Child and Family Counseling Center, San Diego, offices in Del Mar and Encinitas

What is EMDR?

EMDR (Eye-movement Desensitization Reprocessing) is a comprehensive, therapeutic approach that helps people release disturbing thoughts and emotions that originate in traumatic experiences.  Experiences can be traumatic in the commonly accepted sense such as abuse, disasters and violence.  However, children may also perceive and respond to more ordinary events as very threatening.  For example, a playground accident, the loss of a loved one (including a pet), school problems, choking on a piece of popcorn, or medical procedures, can be a part of growing up.  They can also become critical incidents that cause a child to view themselves as helpless, powerless, to become fearful, and to develop serious behavioral problems.

How does EMDR work?

EMDR has shown that the brain takes experiences and processes them, much like the digestive system processes food.  That is, if an experience is properly “digested,” it is integrated into the system and supports healthy growth.  If a traumatic experience is not integrated because of how it is stored in the brain, a person can suffer, both physically and psychologically.  (In fact, physical symptoms with no obvious medical explanation may stem from earlier events that have been stored, with accompanying disturbing sensations and emotions.)  When a person is very upset, their traumatic experiences may feel as bad as going through it the first time because the images, sounds, smells and feelings haven’t changed.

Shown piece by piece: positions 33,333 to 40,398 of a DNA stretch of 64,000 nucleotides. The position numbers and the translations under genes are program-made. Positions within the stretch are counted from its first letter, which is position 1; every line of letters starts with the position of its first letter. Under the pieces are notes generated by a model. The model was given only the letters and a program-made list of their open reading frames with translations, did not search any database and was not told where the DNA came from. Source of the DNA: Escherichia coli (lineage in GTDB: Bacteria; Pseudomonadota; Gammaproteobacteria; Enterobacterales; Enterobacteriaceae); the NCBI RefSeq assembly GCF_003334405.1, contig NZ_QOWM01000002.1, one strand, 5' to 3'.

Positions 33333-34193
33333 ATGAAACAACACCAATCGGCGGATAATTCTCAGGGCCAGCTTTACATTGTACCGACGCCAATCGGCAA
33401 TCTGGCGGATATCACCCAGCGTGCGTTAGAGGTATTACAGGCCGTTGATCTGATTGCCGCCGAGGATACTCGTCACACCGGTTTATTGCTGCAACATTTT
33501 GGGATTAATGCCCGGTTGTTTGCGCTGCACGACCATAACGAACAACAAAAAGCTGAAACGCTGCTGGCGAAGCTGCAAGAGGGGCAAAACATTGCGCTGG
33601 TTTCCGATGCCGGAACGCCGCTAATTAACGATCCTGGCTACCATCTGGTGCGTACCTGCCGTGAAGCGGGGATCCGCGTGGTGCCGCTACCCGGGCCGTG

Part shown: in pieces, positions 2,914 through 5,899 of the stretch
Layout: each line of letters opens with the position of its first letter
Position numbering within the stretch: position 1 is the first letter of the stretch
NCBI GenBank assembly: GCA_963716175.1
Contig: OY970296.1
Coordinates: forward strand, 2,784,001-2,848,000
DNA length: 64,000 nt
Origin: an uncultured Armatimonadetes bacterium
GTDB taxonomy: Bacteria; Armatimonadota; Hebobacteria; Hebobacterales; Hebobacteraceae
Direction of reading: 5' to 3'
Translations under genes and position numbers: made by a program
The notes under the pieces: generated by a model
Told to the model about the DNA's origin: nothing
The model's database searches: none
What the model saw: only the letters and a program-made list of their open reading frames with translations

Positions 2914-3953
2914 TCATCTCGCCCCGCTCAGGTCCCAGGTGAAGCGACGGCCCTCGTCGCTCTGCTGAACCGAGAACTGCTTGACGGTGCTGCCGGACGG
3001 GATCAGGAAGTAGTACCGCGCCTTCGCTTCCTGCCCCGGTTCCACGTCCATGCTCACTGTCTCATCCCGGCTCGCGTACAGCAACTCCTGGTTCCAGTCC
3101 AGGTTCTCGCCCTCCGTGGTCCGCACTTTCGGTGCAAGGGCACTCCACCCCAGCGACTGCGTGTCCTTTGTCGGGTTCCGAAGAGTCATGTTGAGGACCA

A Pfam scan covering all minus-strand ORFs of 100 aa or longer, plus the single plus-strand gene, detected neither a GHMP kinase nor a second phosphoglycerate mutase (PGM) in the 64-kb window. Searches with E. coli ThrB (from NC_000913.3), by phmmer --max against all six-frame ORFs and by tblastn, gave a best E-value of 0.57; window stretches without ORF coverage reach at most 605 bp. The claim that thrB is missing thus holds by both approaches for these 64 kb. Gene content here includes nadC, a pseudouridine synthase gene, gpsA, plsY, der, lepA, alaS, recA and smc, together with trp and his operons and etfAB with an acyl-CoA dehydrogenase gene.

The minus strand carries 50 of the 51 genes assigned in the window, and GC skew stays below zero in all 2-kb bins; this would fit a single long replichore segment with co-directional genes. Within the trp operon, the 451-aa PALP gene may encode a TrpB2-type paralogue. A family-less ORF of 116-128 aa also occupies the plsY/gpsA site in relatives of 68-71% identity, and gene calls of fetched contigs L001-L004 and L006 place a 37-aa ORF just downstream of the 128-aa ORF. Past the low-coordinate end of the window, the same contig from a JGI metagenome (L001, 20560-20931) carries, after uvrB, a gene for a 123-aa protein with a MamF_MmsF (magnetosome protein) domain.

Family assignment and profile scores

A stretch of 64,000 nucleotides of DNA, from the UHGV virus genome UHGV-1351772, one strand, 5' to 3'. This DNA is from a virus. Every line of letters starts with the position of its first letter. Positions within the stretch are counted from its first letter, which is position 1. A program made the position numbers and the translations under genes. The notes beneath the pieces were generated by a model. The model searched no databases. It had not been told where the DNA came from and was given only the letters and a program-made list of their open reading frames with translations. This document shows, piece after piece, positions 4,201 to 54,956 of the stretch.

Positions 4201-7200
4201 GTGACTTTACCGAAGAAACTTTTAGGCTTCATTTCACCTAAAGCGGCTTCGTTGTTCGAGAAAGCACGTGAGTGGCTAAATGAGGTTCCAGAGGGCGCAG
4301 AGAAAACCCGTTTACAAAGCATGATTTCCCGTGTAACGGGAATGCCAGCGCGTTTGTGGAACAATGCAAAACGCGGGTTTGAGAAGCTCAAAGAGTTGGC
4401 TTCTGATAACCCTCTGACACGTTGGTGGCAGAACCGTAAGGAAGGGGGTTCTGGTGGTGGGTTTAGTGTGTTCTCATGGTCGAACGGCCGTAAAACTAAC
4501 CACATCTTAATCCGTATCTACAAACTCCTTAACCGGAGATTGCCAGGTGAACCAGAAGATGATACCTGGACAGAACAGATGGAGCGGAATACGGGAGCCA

EMDR seems to have a direct effect on the way the brain functions.  It appears to be similar to what occurs naturally during dreaming or REM sleep (rapid eye movements).  It works to metabolize painful memories, much like REM sleep works as the “night janitor” to clean up (or metabolize) disturbing memories.  Although EMDR was originally developed based upon the observation that rapid eye movements can reduce the intensity of disturbing thought under certain conditions, other repetitive and alternating tapping or auditory tone seem to be as effective as eye movement.  In a typical EMDR session with an adult, the therapist moves his/her hand back and forth, from left to right, while the adult’s eyes follow this motion.  With children, however, this procedure is modified to include puppets, drawing, and other “game-like” methods.  EMDR helps a person experience distressing material in a new and less distressing way.

What kinds of problems are treated with EMDR?

While research shows that EMDR is effective with Post-Traumatic Stress Disorder (PTSD), therapists have reported success in the treatment of nightmares, depression, anxiety, grief, abuse, pain associated with medical procedures and conditions, and physical and psychological injuries.

How long does EMDR take?

One or more sessions may be required for the therapist  to understand the nature of the problem and to decide if EMDR is appropriate.  If so, a single, 90-minute EMDR session may be sufficient in some cases. 
However, a typical course of treatment is 3 to 10 sessions, performed weekly or every other week.  EMDR may be used within a standard “talking” therapy, as an adjunctive therapy with a separate therapist, or as a treatment all by itself.

For more information, click on the following links:

More information:
EMDR International Association (EMDRIA)
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